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Business as usual for MATs?

Allan Hunt, Director at AHR Building Consultancy, reflects on The Chancellor's Autumn Statement

Posted by Lucinda Reid | November 25, 2016 | People, policy, politics

With the Chancellor’s Autumn Statement and The Academies Show falling on the same day, fingers may have been crossed for an unexpected boon. Sadly, this was not a ‘giveaway’ budget and, as one commentator put it, focused far more on the ‘macro’ than the ‘micro’. To say that education was not given prominence is an understatement, with the only announcement being that of capital funding for May’s controversial revival of grammar schools. Those hoping for a windfall or an emphasis on schools as a whole may well be disappointed. Yet no news can also be good news and it is worth looking at what this ‘absence’ says about Government’s approach.

At worst, education does not appear to be a priority for capital investment. Emphasis was given to the housing crisis and the UK’s productivity difficulties, including redressing the imbalances between London and the regions. There was also a focus on infrastructure - Education and Health barely got a look in. On the other hand, educators can at least breathe a sigh of relief that while there are no happy surprises, nor are there any shock cuts or further upheavals. It was a relatively measured Autumn Statement in that while there was no major roll-back of Osborne’s hard-line austerity cuts, the current Chancellor did not appear to wish to plough on with any further full-force austerity measures, and in fact committed to some judicious investment. We can only hope this ‘middle path’ is also applied to schools.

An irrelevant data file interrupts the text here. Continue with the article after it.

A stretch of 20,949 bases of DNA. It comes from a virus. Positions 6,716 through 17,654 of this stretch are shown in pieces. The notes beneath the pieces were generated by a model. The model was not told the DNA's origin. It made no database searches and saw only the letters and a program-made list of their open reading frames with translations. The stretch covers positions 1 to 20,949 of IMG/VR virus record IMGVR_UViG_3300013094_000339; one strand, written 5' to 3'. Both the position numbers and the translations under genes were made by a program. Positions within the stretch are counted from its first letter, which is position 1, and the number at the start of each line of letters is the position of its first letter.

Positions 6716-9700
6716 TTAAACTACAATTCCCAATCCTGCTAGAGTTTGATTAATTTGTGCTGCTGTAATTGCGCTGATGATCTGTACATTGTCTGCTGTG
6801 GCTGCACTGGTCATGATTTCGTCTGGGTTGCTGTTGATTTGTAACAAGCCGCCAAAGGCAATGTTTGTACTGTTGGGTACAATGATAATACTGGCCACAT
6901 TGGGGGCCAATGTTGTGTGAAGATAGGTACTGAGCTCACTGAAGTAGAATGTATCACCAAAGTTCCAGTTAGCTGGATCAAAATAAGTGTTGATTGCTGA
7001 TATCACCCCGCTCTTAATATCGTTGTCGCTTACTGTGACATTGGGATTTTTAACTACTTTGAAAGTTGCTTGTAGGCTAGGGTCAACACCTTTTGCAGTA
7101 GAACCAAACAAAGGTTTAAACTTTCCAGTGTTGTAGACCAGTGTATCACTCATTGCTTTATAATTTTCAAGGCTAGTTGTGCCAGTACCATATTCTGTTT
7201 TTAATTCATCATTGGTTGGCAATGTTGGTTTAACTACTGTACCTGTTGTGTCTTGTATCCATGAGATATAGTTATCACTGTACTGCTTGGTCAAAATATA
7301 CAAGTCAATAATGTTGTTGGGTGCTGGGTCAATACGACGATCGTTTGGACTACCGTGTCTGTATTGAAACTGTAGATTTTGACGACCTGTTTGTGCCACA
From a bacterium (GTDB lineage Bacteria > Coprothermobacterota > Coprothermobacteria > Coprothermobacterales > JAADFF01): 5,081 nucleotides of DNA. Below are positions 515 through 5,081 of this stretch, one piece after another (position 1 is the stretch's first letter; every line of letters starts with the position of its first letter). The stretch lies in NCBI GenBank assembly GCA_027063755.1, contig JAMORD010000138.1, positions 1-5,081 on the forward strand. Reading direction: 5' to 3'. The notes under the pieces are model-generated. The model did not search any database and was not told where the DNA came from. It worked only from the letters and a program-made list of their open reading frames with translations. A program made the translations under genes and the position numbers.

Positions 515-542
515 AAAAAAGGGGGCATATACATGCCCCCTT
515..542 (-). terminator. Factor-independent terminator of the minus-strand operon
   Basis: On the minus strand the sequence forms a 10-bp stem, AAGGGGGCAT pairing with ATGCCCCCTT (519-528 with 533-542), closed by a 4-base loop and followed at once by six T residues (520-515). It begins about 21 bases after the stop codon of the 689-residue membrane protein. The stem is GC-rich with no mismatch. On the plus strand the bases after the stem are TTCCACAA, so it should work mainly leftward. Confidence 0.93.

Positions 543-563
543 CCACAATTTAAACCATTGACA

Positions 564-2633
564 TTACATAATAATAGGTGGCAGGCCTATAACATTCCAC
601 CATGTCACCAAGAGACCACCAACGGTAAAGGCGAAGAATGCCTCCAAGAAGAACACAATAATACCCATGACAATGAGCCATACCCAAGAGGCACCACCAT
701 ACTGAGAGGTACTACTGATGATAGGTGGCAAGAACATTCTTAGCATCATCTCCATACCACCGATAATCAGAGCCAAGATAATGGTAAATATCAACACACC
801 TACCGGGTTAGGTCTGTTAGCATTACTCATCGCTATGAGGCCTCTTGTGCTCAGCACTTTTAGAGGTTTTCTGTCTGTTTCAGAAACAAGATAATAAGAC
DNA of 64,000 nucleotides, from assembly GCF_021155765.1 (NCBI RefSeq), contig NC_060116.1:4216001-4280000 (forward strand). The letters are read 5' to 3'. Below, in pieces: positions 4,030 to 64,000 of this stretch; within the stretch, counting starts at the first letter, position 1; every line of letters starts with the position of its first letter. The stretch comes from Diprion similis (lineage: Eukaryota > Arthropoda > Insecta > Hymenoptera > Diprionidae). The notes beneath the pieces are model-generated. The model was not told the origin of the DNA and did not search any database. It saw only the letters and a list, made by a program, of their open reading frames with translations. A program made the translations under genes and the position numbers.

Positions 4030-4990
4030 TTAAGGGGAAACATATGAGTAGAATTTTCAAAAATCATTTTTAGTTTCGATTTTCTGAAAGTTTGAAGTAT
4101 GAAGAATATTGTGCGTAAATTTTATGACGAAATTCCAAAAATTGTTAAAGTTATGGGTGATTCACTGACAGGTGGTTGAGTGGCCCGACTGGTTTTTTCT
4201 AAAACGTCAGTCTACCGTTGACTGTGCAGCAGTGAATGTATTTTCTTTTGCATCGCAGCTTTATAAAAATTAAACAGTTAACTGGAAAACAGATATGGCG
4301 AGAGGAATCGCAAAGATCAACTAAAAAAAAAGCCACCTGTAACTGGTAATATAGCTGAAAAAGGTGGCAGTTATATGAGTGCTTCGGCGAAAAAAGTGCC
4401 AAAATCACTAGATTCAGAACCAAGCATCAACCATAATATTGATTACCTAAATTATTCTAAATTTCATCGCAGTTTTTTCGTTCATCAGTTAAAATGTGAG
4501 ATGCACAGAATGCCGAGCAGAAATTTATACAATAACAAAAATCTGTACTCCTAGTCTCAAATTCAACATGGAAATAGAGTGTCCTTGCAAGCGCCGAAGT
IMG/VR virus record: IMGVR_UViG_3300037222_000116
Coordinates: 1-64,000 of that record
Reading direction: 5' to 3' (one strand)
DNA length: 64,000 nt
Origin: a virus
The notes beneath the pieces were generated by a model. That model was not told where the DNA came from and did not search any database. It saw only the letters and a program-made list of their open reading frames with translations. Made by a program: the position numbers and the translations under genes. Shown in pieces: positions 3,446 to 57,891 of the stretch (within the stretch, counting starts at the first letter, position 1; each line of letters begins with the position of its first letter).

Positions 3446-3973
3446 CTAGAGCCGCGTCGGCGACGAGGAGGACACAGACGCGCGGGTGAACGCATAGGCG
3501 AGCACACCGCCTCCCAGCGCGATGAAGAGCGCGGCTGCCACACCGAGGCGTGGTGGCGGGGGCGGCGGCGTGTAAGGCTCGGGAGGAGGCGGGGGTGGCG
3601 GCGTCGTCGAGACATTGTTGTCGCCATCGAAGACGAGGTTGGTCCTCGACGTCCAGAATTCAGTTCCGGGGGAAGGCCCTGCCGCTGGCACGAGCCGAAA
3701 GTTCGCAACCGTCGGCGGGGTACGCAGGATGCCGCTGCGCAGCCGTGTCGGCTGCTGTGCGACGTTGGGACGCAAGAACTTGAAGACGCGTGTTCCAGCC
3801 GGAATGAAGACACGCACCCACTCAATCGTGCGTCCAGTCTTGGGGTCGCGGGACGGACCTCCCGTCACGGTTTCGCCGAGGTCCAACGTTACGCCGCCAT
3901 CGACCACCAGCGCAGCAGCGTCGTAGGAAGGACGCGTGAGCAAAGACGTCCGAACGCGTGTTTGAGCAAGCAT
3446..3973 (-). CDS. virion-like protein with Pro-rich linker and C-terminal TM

We must also continue to wait for the new fairer funding formulas. Are we then none the wiser? We can glean some insights about the May Government’s attitude to education from Justine Greening’s speech at the Conservative Party conference back in October, along with the recently released Green Paper. Alongside the building of 500 new free schools, we find an emphasis on providing more ‘good school places’ which, in conjunction with the revival of selective schooling may well raise questions about those schools that might be struggling. Another overarching theme is the sense that the Government sees education as central to economic productivity. This is hallmarked all over policy – not least in the fact that FE, HE, and ‘adults skills’, previously handled by the Department for Business, Innovation & Skills, all now fall under the Education remit.

We also know that the drive to ‘academisation’ and particularly towards Multi-Academy Trusts, while not yet compulsory, will undoubtedly continue. As the Chancellor was making his Statement, The Academies Show was abuzz with the issues involved in this: if a school doing not as well gains by being part of a MAT, what of the ‘better’ schools? If match-funding for Academy condition improvement projects may be an advantage, how to come up with this initial funding in a still austere climate? On the other hand, there can be advantages to pooling together. In terms of estates, for example, there are efficiency savings in being able to treat multiple schools as one ‘portfolio of assets’. As but one example, carrying out condition surveys on several Academies at once allows for a far better ability to analyse multiple needs and cost-effectively allocate budgets.

So whilst the coincidence of the Chancellor’s Statement and The Academies Show may not have set the world alight, it is perhaps not all doom and gloom: certainly there were at least no nasty surprises or about-turns, and this can only be good when what the education world needs right now is some measure of stability and consistency. For now, it seems that for academies it is, at least, business as usual.

To find out more about AHR Building Consultancy visit their website.

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